The researcher, who has been Calar Alto Observatory Deputy Director since May 2014, has been appointed by CSIC and MPG, the observatory management institutions.
In May 2014, after José María Quintana resignation as Calar Alto Observatory Director, Jesús Aceituno assumed the management of the institution as Deputy Director, in a very difficult and upheaval period for the center, and with a very restrictive budget.
In these two years, Calar Alto Observatory was able to go back to normality and has achieved important challenges: two new instruments have been launched, CARMENES, for the search of earth like planets, and PANIC, for the wide-field near infrared observations. Calar Alto Observatory has also hosted the PlanetCam camera, developed at País Vasco University and dedicated to the study of planetary atmospheres, and also a “universal comb”, an innovative instrument for spectrographs calibration, developed at Leibniz Institute for Astrophysics and innoFSPEC Center.
An agreement with the European Space Agency (ESA) has also been established for the exclusive and remote use of the Schmidt Telescope (which has been put into operation again after years of disuse), within its project for searching NEOs (comets or asteroids with orbits that can lead them to regions close to the earth orbit). Besides, since July 2014, Calar Alto Observatory has a fireball detection station, with five high sensibility CCD cameras and developed under the scientific direction of the University of Huelva and with the collaboration of the Instituto de Astrofísica de Andalucía (IAA-CSIC).
“It might be said that Calar Alto Observatory is reaching a cruise speed again, and with a very good expectations for the future”, the new Director Jesús Aceituno says. “This does not mean that the job is finished, but the opposite: it is now when the really interesting part begins, as we have new projects in mind and the need to concrete how will be the observatory future in order to maintain a privileged position at the forefront”, Aceituno concludes.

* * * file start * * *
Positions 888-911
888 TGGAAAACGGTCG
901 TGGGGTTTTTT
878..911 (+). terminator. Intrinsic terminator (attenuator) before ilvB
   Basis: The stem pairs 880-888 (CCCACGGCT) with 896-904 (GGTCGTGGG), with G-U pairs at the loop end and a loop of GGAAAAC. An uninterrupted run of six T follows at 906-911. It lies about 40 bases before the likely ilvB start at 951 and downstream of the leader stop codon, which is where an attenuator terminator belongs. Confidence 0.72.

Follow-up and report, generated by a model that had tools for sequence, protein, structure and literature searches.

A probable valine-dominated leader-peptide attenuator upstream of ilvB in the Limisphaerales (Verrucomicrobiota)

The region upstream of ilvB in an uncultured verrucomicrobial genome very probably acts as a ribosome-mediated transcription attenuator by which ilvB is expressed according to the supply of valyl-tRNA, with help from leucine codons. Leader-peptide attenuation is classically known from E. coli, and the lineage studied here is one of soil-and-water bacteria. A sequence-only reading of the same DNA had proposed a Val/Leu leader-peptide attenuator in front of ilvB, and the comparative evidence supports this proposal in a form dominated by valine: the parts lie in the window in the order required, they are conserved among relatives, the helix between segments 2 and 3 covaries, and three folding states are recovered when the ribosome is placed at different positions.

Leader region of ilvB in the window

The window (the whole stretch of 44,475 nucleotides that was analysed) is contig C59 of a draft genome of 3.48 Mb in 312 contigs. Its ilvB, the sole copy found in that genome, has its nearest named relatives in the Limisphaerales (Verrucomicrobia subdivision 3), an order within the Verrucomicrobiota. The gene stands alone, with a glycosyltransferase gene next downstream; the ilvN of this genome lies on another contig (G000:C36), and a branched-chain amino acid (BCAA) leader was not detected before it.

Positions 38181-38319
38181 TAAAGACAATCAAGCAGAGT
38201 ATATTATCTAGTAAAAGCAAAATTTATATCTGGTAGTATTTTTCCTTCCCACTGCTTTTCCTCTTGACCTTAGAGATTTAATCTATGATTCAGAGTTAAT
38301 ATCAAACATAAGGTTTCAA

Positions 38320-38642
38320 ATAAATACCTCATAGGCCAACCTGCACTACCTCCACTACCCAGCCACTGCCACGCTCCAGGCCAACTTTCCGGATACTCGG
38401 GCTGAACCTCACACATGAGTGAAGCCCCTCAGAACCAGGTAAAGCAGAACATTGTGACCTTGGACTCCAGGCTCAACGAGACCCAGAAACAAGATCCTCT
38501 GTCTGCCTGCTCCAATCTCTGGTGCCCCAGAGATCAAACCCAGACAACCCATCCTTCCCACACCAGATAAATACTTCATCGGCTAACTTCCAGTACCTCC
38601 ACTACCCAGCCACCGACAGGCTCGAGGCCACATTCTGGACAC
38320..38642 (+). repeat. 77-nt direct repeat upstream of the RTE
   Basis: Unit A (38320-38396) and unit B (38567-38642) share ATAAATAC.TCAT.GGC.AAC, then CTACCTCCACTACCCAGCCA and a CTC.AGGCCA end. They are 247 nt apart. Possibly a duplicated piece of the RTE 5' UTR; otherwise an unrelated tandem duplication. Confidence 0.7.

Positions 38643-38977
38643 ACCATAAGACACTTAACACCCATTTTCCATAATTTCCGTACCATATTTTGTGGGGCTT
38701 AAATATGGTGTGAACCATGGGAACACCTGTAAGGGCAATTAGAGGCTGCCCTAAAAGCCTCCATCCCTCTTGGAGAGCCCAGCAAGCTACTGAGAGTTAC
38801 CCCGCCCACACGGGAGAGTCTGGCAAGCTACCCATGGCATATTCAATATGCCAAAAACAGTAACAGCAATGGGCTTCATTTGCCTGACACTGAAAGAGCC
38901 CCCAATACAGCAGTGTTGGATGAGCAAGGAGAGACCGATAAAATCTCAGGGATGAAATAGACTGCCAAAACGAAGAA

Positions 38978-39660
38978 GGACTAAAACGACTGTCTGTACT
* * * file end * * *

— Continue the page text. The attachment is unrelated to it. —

Besides, the observatory is doing an important bet for make itself known and spread its work to the people through participating in different events as the Astronomy and Astrophysics Week in Almería or the Night of the Researchers, together with the sign of an agreement with Azimuth company in order to develop a program that allows the citizens to visit the observatory.
The new Director plans to continue with the necessary contacts to ensure that the future of Calar Alto remains as promising as it appears, extending his hand to the different institutions that could take part in the management of the biggest observatory in mainland Europe.
The German-Spanish Calar Alto Observatory is located at Sierra de los Filabres, north of Almería (Andalucía, Spain). It is jointly operated by the Instituto Max Planck de Astronomía in Heidelberg, Germany, and the Instituto de Astrofísica de Andalucía (CSIC) in Granada, Spain. Calar Alto has three telescopes with apertures of 1.23m, 2.2m and 3.5m. A 1.5m aperture telescope, also located at the mountain, is operated under control of the Observatorio de Madrid.
COMMUNICATION – CALAR ALTO OBSERVATORY